I found the Hutchinson Wyrm tire shown above measures 64mm (2.5in) wide on the 28mm Stan’s Arch MK4 rims. On a 32mm rim, this same tire measures 61mm (2.4in) wide. Officially the Wyrm is 29×2.40 so clearly the 28mm Stans Arch rim gives the tire some extra width. Whether that’s a good thing or a bad thing depends on both the tire and the rider I suppose. Subjectively I can say the narrower rim doesn’t make this particular tire too bulb-like, and it still corners about the same. I think a slightly narrower 2.3mm tire is probably ideal for the Arch wheels, which is just to the left side of the recommended 2.2-2.5″ range.

The Stan’s Arch MK4 wheelset comes with the rims pre-taped and ready to roll tubeless. It’s a premium tape, and after hundreds of miles of testing there’s no sign of the tape shifting or losing its grip. My wheelset came with a set of Stan’s brass valves which are pretty basic but get the job done.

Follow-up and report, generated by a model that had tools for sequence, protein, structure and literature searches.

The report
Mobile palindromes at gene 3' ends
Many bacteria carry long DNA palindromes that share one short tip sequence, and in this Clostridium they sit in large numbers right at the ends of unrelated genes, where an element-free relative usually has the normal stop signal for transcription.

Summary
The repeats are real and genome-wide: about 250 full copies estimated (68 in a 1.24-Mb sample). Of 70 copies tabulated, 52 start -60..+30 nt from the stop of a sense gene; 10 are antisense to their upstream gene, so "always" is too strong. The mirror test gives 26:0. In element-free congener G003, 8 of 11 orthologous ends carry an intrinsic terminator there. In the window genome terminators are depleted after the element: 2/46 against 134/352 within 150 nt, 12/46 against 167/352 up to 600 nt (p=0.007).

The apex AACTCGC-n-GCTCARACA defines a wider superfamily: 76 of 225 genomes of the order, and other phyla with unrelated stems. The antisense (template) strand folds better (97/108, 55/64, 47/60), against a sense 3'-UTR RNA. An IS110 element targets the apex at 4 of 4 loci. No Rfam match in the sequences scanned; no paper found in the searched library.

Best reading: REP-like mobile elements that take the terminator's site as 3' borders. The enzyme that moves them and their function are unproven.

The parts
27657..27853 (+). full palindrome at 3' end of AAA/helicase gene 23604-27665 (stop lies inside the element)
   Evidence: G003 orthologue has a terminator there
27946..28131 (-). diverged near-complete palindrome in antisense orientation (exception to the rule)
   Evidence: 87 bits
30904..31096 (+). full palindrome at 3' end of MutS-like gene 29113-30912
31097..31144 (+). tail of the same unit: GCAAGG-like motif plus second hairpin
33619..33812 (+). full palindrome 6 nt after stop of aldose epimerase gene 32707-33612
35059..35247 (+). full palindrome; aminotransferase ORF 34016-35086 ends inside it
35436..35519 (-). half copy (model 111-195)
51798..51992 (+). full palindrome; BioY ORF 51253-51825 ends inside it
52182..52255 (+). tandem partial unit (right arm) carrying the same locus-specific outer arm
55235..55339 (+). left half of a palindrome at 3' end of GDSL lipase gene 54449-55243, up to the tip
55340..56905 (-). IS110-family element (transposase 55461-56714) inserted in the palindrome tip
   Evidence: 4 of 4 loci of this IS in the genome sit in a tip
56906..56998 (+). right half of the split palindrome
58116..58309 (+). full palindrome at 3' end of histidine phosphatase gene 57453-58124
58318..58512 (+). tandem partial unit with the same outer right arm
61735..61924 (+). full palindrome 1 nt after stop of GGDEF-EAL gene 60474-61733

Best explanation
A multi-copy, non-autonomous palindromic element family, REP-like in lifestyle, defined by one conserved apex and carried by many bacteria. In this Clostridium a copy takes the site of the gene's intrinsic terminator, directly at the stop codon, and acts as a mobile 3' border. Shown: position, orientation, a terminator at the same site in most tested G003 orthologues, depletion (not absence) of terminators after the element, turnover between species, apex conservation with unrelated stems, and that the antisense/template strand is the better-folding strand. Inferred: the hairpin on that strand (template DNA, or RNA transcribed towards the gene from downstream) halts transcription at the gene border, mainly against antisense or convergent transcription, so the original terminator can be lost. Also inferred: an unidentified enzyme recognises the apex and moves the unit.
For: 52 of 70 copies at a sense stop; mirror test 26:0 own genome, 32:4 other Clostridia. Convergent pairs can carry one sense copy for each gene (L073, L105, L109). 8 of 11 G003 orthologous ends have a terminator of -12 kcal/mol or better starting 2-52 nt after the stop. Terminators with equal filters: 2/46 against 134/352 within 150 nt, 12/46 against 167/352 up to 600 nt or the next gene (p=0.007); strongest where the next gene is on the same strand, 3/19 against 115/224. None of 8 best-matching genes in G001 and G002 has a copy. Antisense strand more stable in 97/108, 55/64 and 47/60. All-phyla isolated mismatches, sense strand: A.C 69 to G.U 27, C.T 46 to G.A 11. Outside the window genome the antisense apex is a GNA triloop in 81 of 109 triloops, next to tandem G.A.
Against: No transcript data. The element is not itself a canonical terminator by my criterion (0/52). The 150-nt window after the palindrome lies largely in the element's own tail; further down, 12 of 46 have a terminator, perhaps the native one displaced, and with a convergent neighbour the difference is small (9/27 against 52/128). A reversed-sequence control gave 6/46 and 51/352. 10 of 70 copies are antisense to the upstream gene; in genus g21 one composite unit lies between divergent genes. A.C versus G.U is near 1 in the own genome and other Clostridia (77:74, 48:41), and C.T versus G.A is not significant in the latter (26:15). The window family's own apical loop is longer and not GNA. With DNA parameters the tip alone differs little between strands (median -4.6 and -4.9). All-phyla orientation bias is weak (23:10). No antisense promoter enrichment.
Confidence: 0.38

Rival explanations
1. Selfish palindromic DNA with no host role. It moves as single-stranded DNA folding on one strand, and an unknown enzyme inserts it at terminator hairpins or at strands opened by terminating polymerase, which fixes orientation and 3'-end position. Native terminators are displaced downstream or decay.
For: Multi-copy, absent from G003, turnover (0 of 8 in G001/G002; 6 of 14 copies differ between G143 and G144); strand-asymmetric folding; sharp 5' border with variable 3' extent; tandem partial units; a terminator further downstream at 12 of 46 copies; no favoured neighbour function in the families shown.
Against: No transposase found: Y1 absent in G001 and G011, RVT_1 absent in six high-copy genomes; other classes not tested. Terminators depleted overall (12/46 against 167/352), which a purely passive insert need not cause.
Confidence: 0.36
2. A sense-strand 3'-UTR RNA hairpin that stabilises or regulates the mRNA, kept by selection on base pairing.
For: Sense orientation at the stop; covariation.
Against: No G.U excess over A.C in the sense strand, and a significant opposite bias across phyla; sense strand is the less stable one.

The rim edges on the Arch MK4s measure about 1.7mm wide. Wider rim edges are said to reduce pinch flats, and while 1.7mm is on the narrow side for today’s MTB rims I haven’t experienced any flats in spite of numerous square edge rock hits.

The 18.9mm rim depth is pretty standard for a set of modern mountain bike wheels.


Stan’s Arch MK4 wheels feature 32 Sapim D-Light 2.0/1.65/2.0 J-bend spokes laced three cross front and rear. A single spoke length between the wheels promises to makes replacements a little less frustrating.

The Stan’s asymmetrical rims with offset spoke pattern allows for a more balanced spoke tension between the drive- and non-drive side. Previous Stan’s rims saw 58% tension balance between sides, and the MK4 designs claim 92% balance. I took some rough spoke tension measurements following my testing and found the spokes still averaged about 87% tension balance which is pretty impressive.